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November 2016

2016 Update on Medical Overuse: A Systematic Review

Author Affiliations
  • 1Department of Epidemiology and Public Health, University of Maryland School of Medicine, Baltimore
  • 2Department of Hospital Epidemiology, Veterans Affairs Maryland Health Care System, Baltimore
  • 3Center for Disease Dynamics, Economics, and Policy (CDDEP), Washington, DC
  • 4Robert Wood Johnson Foundation Clinical Scholars Program, Yale University School of Medicine, New Haven, Connecticut
  • 5Department of Veterans Affairs West Haven, West Haven, Connecticut
  • 6Department of Medicine, Johns Hopkins University School of Medicine, Baltimore, Maryland
  • 7Memorial Sloan Kettering Cancer Center, New York, New York
JAMA Intern Med. 2016;176(11):1687-1692. doi:10.1001/jamainternmed.2016.5381
Key Points

Question  Which research articles published in 2015 best illuminate important aspects of the current state of medical overuse?

Findings  Articles on medical overuse point to increased referrals and imaging for headaches, unnecessary admissions for syncope, and early colonoscopies; overtreatment was highlighted by unnecessary use of testosterone, opioids, and diabetes treatment as well as anticoagulation for atrial fibrillation. Reports also suggest a need for reconsideration of current practices for managing Clostridium difficile, low-back pain, and thyroid nodules.

Meaning  The number of articles on overuse nearly doubled from 2014 to 2015, indicating that awareness of overuse is increasing, despite little evidence of improved practice.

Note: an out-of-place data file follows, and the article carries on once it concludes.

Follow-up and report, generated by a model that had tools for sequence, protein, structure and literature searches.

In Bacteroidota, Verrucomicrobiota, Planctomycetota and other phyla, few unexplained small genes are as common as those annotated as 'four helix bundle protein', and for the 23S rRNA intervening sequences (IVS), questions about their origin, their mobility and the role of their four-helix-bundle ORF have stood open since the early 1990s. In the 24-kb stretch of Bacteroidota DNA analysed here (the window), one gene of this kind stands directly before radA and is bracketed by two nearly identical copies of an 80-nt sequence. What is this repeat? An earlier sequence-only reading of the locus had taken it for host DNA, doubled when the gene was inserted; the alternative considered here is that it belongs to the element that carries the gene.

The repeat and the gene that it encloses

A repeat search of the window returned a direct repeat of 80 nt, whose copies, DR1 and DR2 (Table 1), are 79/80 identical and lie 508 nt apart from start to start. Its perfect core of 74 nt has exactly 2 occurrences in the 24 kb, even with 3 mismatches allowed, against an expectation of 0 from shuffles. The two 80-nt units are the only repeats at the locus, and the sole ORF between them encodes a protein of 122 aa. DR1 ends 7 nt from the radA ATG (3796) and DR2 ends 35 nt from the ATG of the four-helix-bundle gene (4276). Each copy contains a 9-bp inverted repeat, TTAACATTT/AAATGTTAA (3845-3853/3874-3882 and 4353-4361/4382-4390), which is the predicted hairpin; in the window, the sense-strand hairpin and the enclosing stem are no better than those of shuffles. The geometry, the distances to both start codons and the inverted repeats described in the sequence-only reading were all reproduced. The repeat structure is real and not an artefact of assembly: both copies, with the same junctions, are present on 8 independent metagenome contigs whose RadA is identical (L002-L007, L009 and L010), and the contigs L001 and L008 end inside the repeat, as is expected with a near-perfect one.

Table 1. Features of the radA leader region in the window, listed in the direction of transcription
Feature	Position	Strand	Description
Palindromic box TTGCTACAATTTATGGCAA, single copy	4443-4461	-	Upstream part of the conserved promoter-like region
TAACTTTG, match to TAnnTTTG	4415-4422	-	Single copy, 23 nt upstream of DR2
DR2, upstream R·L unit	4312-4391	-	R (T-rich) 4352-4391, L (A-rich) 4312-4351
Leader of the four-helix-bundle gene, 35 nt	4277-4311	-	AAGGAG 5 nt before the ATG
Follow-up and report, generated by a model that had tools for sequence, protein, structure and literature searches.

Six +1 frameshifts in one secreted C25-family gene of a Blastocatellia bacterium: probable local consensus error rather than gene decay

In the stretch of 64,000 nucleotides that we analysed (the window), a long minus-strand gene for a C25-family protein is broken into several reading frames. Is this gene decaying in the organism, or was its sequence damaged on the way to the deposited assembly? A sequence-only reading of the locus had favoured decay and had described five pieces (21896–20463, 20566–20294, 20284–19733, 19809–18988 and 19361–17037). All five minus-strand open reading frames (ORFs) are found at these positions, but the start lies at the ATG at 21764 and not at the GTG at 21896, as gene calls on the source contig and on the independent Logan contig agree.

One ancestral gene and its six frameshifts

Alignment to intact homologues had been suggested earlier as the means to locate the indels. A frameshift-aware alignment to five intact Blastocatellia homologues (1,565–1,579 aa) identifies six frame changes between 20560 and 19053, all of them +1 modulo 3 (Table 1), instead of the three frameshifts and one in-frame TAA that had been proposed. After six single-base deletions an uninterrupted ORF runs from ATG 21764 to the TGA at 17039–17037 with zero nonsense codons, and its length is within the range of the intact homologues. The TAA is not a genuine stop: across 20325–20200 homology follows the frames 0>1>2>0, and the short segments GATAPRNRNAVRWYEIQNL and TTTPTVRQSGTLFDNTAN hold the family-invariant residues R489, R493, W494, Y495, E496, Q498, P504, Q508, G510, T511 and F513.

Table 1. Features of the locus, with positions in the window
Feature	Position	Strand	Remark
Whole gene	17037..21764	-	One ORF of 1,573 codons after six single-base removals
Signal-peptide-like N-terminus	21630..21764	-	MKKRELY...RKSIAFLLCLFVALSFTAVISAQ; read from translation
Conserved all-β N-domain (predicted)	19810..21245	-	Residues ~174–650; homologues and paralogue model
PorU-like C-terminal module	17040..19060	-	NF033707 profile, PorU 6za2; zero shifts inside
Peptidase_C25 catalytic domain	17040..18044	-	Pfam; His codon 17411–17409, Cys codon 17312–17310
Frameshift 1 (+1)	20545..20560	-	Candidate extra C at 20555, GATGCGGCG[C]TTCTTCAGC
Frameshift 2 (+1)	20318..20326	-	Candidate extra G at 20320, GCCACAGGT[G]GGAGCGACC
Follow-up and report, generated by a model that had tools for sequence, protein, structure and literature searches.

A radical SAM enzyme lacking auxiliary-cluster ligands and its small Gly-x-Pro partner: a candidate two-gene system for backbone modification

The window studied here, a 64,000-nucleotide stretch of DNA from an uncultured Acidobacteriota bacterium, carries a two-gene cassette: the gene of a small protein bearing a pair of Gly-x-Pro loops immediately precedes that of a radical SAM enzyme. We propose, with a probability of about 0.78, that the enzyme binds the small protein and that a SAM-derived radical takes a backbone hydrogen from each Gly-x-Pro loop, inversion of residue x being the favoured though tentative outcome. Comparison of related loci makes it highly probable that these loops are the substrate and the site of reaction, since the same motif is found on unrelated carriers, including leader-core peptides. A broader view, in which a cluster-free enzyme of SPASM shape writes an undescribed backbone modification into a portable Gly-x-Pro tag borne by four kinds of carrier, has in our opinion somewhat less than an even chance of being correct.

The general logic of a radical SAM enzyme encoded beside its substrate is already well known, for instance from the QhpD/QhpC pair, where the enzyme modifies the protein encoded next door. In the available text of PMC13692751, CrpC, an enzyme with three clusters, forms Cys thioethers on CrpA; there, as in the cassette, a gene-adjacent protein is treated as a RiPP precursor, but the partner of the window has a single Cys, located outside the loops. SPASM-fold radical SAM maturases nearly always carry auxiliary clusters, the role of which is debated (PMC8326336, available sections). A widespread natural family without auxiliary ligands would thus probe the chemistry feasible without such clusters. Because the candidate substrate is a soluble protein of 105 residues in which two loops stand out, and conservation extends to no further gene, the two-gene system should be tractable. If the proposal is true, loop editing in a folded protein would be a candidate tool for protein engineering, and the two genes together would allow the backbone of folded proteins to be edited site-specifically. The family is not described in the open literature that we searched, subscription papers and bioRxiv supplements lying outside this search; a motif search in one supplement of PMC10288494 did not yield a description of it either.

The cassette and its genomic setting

Importance  Overuse of medical care is an increasingly recognized problem in clinical medicine.

Objective  To identify and highlight original research articles published in 2015 that are most likely to reduce overuse of medical care, organized into 3 categories: overuse of testing, overtreatment, and questionable use of services. The articles were reviewed and interpreted for their importance to clinical medicine.

Evidence Review  A structured review of English-language articles on PubMed published in 2015 and review of tables of contents of relevant journals to identify potential articles that related to medical overuse in adults.

Findings  Between January 1, 2015, and December 31, 2015, we reviewed 1445 articles, of which 821 addressed overuse of medical care. Of these, 112 were deemed most relevant based on their originality, methodologic quality, and number of patients potentially affected. The 10 most influential articles were selected by consensus using the same criteria. Findings included a doubling of specialty referrals and advanced imaging for simple headache (from 6.7% in 2000 to 13.9% in 2010); unnecessary hospital admission for low-risk syncope, often leading to adverse events; and overly frequent colonoscopy screening for 34% of patients. Overtreatment was common in the following areas: 1 in 4 patients with atrial fibrillation at low risk for thromboembolism received anticoagulation; 94% of testosterone replacement therapy was administered off guideline recommendations; 91% of patients resumed taking opioids after overdose; and 61% of patients with diabetes were treated to potentially harmfully low hemoglobin A1c levels (<7%). Findings also identified medical practices to question, including questionable use of treatment of acute low-back pain with cyclobenzaprine and oxycodone/acetaminophen; of testing for Clostridium difficile with molecular assays; and serial follow-up of benign thyroid nodules.

Conclusions and Relevance  The number of articles on overuse of medical care nearly doubled from 2014 to 2015. The present review promotes reflection on the top 10 articles and may lead to questioning other non–evidence-based practices.

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